The Facebook group 'Women who eat on Tubes', founded by Tony Burke.
A Facebook page (and blog) titled “Women Who Eat on Tubes” has created a flurry of public outrage and now a protest in London. This page encourages commuters to, “look out for women eating [on the Tube]. Then take a picture and post it here”.
The group, which was funded by filmmaker and “artist” Tony Burke in 2011, had until recently escaped notoriety. But with a membership base of 21,000 and growing, something that began as a very small “observational study” - as Burke refers to it - has now become a topic of contention in Britain, and, thanks to the internet, around the world.
A quick scroll down the blog, for example, shows pictures of women eating accompanied by charming captions such as “Three little pigs”.
Scroll down further, and you'll also find Burke’s incredibly creepy - and somewhat sociopathic - description of his “artistic project”: “Everywhere I go, I see women eating on Tubes. Like little mice hiding packets of crisps and biscuits in their bags and purses. Slowly, secretly, guiltily raising each bite-sized morsel to their salty lips in the hope that no one’s watching. Well, I’m watching. And I’m photographing, documenting the fascinating world of the Women Who Eat on Tubes.”
Yes, because likening women to animals while linking food and guilt is truly an idea worthy of artistic merit.
Yet according to Burke, taking photos of women eating on the London tube is akin to taking “wildlife photography”.
“At its truest form, it should cherish its subjects in the way a photographer cherishes a kingfisher,” the “artist” told The Telegraph in London.
Burke, who apparently can’t understand what all the fuss is about, believes that taking surreptitious photos of women eating on the London Underground is a perfectly acceptable “observational artistic study of human behaviour".
Unfortunately, what he seems to completely miss is that culture does not exist in a vacuum, and that women of all ages, shapes and ethnicities, whose bodies are already policed by the public, will not exactly be grateful participants in what is essentially a form of bullying and stranger shaming.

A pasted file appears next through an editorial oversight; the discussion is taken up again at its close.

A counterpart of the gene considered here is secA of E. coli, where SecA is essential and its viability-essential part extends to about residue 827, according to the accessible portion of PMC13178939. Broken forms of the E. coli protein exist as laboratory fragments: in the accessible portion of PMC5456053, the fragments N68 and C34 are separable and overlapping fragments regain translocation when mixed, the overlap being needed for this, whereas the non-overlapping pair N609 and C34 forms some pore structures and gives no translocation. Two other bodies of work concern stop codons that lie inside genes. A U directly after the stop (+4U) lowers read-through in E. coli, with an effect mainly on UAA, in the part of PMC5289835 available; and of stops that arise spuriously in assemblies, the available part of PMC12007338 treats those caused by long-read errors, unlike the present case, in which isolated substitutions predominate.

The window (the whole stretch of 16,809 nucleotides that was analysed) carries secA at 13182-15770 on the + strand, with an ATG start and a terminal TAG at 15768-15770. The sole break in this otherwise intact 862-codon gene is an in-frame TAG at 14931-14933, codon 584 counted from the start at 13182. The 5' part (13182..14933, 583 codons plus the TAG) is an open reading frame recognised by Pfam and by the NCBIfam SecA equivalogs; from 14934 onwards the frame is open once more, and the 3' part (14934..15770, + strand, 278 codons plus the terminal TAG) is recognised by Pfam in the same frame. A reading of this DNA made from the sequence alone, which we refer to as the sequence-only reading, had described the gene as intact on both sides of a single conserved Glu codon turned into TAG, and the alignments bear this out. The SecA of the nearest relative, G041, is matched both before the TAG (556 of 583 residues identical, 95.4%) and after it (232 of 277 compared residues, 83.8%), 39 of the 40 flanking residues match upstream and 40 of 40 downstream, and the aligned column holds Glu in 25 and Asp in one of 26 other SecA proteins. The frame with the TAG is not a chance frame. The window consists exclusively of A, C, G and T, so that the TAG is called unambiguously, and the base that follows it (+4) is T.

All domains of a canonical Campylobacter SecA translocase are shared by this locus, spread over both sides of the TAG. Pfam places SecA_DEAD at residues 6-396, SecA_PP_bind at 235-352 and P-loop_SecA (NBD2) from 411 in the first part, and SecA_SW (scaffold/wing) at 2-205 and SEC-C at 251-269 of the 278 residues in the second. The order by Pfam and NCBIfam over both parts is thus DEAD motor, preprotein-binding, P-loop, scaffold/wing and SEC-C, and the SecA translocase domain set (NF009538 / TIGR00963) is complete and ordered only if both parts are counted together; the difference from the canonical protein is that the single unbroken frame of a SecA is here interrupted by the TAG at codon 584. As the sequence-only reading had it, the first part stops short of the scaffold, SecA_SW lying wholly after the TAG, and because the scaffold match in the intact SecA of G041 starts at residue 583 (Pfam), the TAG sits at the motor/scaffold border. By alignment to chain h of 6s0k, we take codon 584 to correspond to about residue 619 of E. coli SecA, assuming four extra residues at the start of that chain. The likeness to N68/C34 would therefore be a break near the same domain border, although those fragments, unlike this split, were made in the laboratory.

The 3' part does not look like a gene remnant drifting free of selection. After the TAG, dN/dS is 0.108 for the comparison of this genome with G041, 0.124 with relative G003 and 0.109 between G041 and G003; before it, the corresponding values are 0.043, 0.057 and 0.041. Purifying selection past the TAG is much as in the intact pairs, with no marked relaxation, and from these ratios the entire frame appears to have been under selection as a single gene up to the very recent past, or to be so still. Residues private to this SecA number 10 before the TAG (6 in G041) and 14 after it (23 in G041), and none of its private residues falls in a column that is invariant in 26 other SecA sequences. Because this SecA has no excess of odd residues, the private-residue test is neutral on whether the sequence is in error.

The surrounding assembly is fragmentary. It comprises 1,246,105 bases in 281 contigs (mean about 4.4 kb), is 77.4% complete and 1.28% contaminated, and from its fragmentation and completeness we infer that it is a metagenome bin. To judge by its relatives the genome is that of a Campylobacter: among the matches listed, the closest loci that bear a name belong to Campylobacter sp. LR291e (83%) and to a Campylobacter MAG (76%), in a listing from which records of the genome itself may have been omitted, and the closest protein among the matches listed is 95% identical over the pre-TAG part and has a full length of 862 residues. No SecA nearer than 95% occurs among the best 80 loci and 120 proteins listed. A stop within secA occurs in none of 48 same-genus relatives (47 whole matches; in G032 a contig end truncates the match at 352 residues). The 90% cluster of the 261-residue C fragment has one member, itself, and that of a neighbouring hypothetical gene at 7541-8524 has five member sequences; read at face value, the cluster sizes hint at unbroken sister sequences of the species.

Because when you think about it, taking pictures of unsuspecting women not only violates personal privacy, but also places power directly in the hands of the photographer who, by posting the images online, derives pleasure from demeaning his (let’s face it - it’s probably a guy) subject in a largely anonymous space.
To their credit, the British Transport Police are encouraging women who feel threatened to contact them. The problem is that taking photographs of women in a public space is actually not illegal, something which Burke has tried to use in his defence.
“If they [the women] were at home being photographed, that’s sinister,” he explains to The Telegraph.
“But they’re in a public place, and that’s the risk you take. Let’s not live in this ridiculous nanny state where nothing’s allowed to exist in case it upsets someone. It’s not like people are going to be humiliated or traumatised for years to come.”
Once again, space has become a gender issue, with women told to stay indoors or accept the consequences of transversing into the public (read: male) domain, a conversation that is often had when discussing rape.
Fortunately, women are taking a stand against the page, with hundreds of protesters expected to gather on the London Underground’s Circle Line on Monday.
Lucy Brisbane Mckay, who organised the rally, told Channel 4 News in Britain that the protesters will stage a massive picnic in response to Burke’s “project”.
“This is about responding and celebrating the fact that women eat - but clearly stating that it is their right to celebrate, and not something to capture and monitor without their consent," she says.
What I find so astounding is that Burke, who seemingly "emphasises” with the feminist argument, doesn’t think it’s “relevant in this case”. It obviously suits him to ignore the incredibly obvious sexual comments directed at these women on Facebook, telling them they have "talent" or encouraging them to go “deeper” when they are photographed eating bananas.
The strength of his denial shows that despite what we may think, the world has a long way to go before men stop finding reasons to objectify women, sexually or otherwise, and give their female counterparts the respect and privacy all humans deserve.
But until then, men like Burke will defend themselves until they're blue in the face, trying to convince the world that men “have a right to take photos of people (read: women) without asking their permission”.